Caroline Weaver, VP of North America Marketing for SVP Worldwide, the world’s largest sewing machine company and source of the SINGER®, HUSQVARNA VIKING® and PFAFF® sewing machine collections, says if you look at a brand like Singer’s 150-year history, during times of economic slowdown and depression, people will always gravitate towards hobbies and because of that, micro trends like sewing will flourish. In the case of the under-40 crowd, these sewers-cum-designers are just starting to realize that modern day sewing machines are not their grandmother’s gadgets.
“These machines are highly, highly automatic and that’s what’s appealing to the under 40 crowd. The machines make their own button holes, thread themselves, and provide constant tension. These are the machines with millions of lines of code. Nowadays, you’re not just paying for a sewing machine, you’re paying for a computer and having a sewing mentor in your machine.”
The Wall Street Journal’s Anjali Athavaley reports that in the post-Project Runway world, sewing enthusiasts are finding the old-fashion craft comes with apps, Twitter and high-tech machines. This is a whole new generation used to smartphone technology and the simple push of a button to instantly gratify their every need for information.
BurdaStyle, an online social community using the web to bring the craft of sewing to a new generation of designers, hobbyists, DIYers and anyone looking to sew, is a popular part of this generation. BurdaStyle Creative Director and Editor Alison Kelly, who was also on Season 3 of Project Runway, says the current DIY movement was certainly proliferated by reality shows like Project Runway.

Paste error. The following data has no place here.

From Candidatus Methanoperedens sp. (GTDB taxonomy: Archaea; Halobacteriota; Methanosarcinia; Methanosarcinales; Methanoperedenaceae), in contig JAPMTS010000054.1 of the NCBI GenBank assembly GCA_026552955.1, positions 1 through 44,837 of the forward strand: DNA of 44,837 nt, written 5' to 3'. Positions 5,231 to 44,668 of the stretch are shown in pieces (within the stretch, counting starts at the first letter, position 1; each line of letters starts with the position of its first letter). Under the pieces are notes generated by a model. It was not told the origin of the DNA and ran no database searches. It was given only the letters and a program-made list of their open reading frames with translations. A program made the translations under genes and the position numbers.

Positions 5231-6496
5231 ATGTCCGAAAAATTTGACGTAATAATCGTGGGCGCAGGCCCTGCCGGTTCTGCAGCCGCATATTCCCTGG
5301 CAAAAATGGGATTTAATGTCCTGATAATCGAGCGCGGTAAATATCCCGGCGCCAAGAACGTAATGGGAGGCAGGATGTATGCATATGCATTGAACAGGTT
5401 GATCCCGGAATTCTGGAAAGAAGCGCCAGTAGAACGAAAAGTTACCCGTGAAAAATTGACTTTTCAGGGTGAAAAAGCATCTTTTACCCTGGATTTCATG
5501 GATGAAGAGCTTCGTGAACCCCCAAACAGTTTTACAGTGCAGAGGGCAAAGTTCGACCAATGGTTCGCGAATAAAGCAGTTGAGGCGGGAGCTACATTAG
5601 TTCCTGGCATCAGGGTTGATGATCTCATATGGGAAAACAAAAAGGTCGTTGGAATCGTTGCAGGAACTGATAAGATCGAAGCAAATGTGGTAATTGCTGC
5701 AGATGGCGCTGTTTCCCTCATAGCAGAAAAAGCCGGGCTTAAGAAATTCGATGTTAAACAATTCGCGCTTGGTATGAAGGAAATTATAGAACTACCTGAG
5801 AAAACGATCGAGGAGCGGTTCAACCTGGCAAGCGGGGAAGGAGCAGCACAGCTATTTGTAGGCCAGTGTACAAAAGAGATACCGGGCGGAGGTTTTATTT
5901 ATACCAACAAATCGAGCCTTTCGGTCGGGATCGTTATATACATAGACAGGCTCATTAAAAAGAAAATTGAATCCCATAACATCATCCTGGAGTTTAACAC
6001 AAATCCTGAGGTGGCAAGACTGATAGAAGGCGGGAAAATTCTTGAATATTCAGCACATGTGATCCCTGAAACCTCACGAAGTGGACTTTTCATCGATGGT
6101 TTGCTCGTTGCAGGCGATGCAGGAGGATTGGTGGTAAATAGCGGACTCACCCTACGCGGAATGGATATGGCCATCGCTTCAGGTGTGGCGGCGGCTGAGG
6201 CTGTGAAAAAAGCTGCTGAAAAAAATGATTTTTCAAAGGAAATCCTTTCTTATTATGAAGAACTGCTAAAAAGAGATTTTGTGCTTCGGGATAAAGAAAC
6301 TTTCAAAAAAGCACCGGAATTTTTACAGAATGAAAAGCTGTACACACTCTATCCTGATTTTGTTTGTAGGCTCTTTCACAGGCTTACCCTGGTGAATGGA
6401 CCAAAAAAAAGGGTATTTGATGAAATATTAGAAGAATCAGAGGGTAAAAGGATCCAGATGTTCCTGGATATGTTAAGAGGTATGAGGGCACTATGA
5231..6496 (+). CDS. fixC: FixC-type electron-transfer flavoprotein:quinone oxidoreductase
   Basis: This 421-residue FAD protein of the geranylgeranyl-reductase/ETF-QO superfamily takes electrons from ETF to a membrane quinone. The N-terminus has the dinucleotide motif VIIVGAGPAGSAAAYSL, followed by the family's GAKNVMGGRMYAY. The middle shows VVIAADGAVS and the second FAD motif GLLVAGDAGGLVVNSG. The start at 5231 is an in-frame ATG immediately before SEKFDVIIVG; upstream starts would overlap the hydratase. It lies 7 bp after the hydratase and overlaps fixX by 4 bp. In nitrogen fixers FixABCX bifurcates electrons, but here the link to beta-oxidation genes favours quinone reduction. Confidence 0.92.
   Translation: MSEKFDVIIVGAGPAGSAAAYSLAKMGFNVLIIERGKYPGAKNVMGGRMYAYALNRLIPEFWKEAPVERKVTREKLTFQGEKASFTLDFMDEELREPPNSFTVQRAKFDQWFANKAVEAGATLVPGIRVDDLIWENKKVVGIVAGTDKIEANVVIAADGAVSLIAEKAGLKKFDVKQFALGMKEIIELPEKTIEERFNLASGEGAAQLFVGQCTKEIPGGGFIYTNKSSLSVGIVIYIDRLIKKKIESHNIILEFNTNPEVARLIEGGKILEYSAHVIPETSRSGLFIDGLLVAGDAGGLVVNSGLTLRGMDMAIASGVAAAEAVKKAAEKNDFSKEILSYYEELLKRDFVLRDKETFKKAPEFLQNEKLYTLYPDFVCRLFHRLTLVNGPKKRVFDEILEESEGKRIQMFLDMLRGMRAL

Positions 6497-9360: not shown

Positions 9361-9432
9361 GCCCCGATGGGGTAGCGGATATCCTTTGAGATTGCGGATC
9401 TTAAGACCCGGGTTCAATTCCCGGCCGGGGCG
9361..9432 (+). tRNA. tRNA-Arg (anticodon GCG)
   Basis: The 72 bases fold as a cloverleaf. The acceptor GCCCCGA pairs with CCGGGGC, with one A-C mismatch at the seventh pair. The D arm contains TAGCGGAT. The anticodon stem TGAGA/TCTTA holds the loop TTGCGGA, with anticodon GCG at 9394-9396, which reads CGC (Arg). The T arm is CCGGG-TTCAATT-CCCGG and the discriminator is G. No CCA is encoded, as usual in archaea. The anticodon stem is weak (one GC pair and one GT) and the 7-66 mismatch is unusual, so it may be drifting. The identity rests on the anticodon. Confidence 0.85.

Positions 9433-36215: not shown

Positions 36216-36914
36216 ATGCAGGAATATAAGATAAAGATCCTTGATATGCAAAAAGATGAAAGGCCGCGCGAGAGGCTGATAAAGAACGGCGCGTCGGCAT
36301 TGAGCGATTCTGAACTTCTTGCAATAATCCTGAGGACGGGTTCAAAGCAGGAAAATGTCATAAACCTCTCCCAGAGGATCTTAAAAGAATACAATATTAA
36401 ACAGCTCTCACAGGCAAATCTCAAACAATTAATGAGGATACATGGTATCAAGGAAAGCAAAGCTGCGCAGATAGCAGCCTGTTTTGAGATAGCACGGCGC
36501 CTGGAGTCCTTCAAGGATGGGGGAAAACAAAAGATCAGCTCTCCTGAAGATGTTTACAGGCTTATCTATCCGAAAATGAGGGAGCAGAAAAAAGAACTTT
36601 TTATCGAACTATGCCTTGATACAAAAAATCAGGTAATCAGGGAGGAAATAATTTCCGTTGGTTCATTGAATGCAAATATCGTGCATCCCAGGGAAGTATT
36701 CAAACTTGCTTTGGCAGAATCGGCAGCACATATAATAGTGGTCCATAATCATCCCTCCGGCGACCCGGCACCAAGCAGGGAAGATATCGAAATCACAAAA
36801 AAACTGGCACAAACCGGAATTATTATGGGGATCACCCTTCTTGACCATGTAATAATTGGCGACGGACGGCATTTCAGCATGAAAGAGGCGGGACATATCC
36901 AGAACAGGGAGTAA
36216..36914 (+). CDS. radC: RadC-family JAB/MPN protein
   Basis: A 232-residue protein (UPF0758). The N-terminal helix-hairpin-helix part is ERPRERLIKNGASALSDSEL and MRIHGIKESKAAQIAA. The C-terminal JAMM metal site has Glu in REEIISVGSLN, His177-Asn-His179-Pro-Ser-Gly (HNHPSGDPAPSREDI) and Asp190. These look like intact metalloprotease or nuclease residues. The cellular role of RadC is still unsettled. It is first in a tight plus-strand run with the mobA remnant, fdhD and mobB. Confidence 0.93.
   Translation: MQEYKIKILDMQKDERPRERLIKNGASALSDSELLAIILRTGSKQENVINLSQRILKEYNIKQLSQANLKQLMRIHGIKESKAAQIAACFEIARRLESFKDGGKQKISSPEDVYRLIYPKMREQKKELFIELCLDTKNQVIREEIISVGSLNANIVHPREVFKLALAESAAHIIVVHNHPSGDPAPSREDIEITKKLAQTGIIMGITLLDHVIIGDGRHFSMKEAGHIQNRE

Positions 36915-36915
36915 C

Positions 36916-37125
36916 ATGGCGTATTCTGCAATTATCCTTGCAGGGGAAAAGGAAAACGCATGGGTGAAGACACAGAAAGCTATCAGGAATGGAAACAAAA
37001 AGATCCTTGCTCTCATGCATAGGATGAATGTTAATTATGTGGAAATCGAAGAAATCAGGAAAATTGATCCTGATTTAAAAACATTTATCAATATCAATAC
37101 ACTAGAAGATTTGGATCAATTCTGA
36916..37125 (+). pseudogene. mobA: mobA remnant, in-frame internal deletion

Alison Kelly, Season 3 of Project Runway
“Before them, I think fashion design was a mystery to many people, the face behind a fashion label often remained unknown (except of course by die hard fans), and now many fashion designers have become celebrities. It’s a wonderful thing, inspiring people to create, and these reality shows are so interesting because one can witness the creative process first-hand, while drama and competition fuel the fire,” says Kelly.
Nora Abousteit, co-founder of BurdaStyle, says when she and former partner Benedikta Karaisl von Karais – a fashion designer – came up with the BurdaStyle concept and thanks to what Fast Company calls “her love for interaction and innovative technology,” Nora reinvented an old Hubert Burda sewing magazine into an online icon in the sewing community.
BurdaStyle at Brooklyn’s Renegade Craft Fair
“We witnessed many people over the past four years that started sewing and now are proficient. It is so much fun to see when people improve their skills and take up harder challenges and simply produce more and better work,” says Abousteit.
In addition to budding designers worldwide utilizing the BurdaStyle community, lots of well-known designers have participated in their DIY community, including Wenlan Chia (Twinkle by Wenlan), Alabama Chanin, Samantha Pleet, and Mina Stone.
With over 530,ooo registered members, BurdaStyle is a growing force to be reckoned with.
While all women interviewed agree this post-recession “micro-trend” is all about a new and more aggressive DIY sewing community, they all also agree that it is empowering.
“Consumers are tired of living in a mass produced world,” says SVP Worldwide’s Weaver. “Women are deciding to put signs outside their homes that they do embroidery work for customizing team jerseys and hats to make extra money, our classes are filling up, we’re breaking sales records and people are just so inspired.”